Exploring IBM’s Framework for AI Ethics Governance
Posted by Marbenz Antonio on May 9, 2022
One of the most serious threats to internet businesses is the theft of personal or sensitive data. Data leakage, also known as data extrusion, can occur through a variety of attack mechanisms. Physical device theft, insider assaults within a business network, and phishing, malware, or third-party scripts are all examples. Every day, the potential that an attacker would take personal and sensitive data from regular website visitors without their awareness grows.
There are various ways for attackers to steal data from unwitting website users. Basic assaults like phishing utilize carefully prepared emails to get victims to click on bogus links that lead to hostile websites. Scripts on websites may be used to steal users’ passwords, financial information, and even medical data in more complex attacks.
Third-party scripts are commonly used on websites for advertising or analytic purposes. According to a recent study, third-party scripts are increasingly hijacking websites. It might be difficult to spot fraudulent activities as a visitor.
Malicious third-party programs attempt to elevate privileges in five different ways:
Many internet users use browser login managers and auto-fill programs to save their credentials and other personal information. These automatically populate login fields on websites rather than having to enter them manually. Because users do not have to put in credentials, this can boost user security in most circumstances.
Many third-party programs take advantage of this by including hidden login forms on websites. These malicious forms are not recognized by the user. Rather, the browser login manager fills them up with the user credentials saved in the browser and delivers them to the third party. This attack also works with email addresses or phone numbers, which are frequently stored in the browser’s auto-fill feature. It even works with credit cards and social security numbers on occasion.
Many website owners provide federated authentication using social media login providers to make it easier for users. Users may utilize a streamlined login to their social network profiles instead of remembering passwords, which is an advantage. When a user allows a social login integration for a ‘first-party’ website with integrated third-party scripts, they are putting themselves at risk. The attackers can then gain access to the social media provider’s application programming interface and query it (API). This allows them to steal user information from that social media profile invisibly. This can include email addresses and personal addresses, as well as user account information or account IDs.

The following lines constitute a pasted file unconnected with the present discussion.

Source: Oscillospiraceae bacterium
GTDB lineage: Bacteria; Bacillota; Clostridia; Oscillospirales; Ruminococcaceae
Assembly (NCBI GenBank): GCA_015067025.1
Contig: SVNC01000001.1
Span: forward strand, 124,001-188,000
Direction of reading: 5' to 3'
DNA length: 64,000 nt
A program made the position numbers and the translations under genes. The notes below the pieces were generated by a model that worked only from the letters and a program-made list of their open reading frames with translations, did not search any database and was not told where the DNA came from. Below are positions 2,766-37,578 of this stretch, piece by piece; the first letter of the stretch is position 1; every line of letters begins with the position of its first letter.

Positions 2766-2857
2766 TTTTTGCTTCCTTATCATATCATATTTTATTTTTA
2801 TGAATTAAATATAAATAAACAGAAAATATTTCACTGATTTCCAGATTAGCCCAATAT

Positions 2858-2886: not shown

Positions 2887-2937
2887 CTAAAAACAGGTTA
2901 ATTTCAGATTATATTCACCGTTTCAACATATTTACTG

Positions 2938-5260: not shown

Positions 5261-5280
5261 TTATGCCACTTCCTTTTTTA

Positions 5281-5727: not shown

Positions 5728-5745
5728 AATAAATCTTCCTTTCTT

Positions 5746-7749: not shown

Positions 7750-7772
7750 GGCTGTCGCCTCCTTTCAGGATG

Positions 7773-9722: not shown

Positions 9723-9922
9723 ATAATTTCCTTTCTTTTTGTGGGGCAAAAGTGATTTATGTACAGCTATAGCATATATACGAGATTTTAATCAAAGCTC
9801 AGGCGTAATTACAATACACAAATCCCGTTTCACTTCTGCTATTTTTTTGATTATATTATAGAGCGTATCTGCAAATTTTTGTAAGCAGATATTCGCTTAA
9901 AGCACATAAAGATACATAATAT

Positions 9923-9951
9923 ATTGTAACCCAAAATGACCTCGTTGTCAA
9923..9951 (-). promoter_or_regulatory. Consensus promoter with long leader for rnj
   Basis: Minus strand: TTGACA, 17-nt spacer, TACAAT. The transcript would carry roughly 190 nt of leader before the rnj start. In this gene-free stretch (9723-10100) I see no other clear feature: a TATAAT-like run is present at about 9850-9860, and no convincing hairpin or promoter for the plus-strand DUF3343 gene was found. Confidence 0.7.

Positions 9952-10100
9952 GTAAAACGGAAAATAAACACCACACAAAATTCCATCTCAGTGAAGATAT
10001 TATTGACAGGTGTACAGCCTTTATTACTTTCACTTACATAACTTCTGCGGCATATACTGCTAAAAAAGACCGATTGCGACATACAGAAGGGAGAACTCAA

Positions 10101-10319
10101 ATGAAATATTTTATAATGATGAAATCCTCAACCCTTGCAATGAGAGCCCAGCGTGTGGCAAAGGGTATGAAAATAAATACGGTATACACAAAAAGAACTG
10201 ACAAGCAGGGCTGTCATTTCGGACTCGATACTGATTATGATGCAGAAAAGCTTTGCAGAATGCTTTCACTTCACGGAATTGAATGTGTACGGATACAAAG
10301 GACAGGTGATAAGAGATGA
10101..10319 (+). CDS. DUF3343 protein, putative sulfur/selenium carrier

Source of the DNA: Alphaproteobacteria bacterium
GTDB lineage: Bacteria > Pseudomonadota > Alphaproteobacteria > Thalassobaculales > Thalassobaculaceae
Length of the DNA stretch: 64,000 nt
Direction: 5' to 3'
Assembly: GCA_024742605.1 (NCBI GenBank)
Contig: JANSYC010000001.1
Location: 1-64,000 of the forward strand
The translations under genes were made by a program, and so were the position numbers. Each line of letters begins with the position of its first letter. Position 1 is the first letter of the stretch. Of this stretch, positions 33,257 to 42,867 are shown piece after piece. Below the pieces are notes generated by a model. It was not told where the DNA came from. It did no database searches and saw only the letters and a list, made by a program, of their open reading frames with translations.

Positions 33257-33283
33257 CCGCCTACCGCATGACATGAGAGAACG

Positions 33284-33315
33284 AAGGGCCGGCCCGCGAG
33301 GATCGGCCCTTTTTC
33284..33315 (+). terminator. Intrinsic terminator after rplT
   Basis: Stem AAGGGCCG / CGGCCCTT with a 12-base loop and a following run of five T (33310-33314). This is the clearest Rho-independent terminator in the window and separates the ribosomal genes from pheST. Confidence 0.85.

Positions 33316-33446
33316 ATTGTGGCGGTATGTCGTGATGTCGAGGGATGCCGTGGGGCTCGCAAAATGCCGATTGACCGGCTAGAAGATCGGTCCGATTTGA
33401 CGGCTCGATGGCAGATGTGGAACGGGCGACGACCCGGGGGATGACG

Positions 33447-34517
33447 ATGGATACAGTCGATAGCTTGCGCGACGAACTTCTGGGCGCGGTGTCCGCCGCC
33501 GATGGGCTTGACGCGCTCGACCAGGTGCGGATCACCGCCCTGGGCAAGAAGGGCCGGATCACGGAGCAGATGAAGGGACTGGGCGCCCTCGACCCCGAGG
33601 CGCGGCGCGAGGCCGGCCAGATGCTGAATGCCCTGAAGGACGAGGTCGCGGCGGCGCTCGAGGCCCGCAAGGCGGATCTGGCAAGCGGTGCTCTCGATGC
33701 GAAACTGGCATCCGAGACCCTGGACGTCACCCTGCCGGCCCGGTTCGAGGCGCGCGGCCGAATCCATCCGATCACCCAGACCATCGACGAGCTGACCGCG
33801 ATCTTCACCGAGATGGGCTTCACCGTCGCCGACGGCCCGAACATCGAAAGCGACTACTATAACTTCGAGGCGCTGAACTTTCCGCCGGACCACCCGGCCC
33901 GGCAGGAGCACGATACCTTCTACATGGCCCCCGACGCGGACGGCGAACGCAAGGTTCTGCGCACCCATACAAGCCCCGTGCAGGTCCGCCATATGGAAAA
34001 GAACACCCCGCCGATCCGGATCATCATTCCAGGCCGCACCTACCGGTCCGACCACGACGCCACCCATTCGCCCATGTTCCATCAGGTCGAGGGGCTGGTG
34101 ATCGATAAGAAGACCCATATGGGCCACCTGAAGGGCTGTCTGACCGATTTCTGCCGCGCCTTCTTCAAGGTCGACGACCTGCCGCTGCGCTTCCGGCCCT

The website DOM is a tree structure that specifies how a website’s contents are organized. The DOM may be used to organize dynamic content that is particular to a user session. Depending on the website, the top level of the DOM tree might include sensitive or personal information such as name, address, and other data. More sensitive information, such as credit card numbers or account numbers, might be found on a banking website. If an attacker uses a third-party script at the top level, it may typically traverse the whole DOM tree and steal all of the sensitive information. Attackers can even manipulate events on a website using scripts to track what the user is doing. The scripts may also include hidden event listeners, allowing attackers to track a user’s mouse movements.
These privacy infractions are a well-known issue, and cybersecurity research is gaining a better understanding of the attackers’ tactics in order to develop effective preventative solutions. Users, on the other hand, have few alternatives besides ad blockers. Users should also keep as little personal information as possible online or deactivate script code in their browser settings. However, they aren’t perfect options. Instead, website owners should ensure that their material is free of errors. This is much more crucial when using cloud-based online apps.
The cloud is gaining in popularity and offers several benefits over previous infrastructures. When it comes to websites and online apps, setting up the code in the cloud and making it public from there might be easier. Recent research has revealed that misconfiguration is one of the most serious dangers to cloud infrastructures. This can result in insecure APIs that allow malicious programs to access restricted regions. It gives attackers access to credential storage, allowing them to get used or even admin credentials for cloud environments.
Third-party scripts can get access to mobile sensors (e.g., GPS, gyroscope, and motion sensors) and exfiltrate sensor data, according to much recent research. There are important attack vectors for abusing mobile sensors for hidden data exfiltration, particularly on Android. Victims do not need to download a malicious mobile app because these assaults target the Android ad network. Ads integrated into apps allow the malicious script to access device sensors.
These flaws may also be found in hybrid applications and mobile browsers that use Android’s WebView to render webpages or website content in an app or mobile browser. WebView should usually be sandboxed in programs so that no background code may execute. Even after the app or browser window is closed, mobile advertisements can continue run scripts in the background to exfiltrate mobile sensor data.
Third-party scripts on websites, applications, and in the cloud can pose a serious security risk. As our society becomes increasingly linked as a result of the digital revolution, it is critical to properly safeguard information and ensure that the security of sensitive user data is constantly top of mind.
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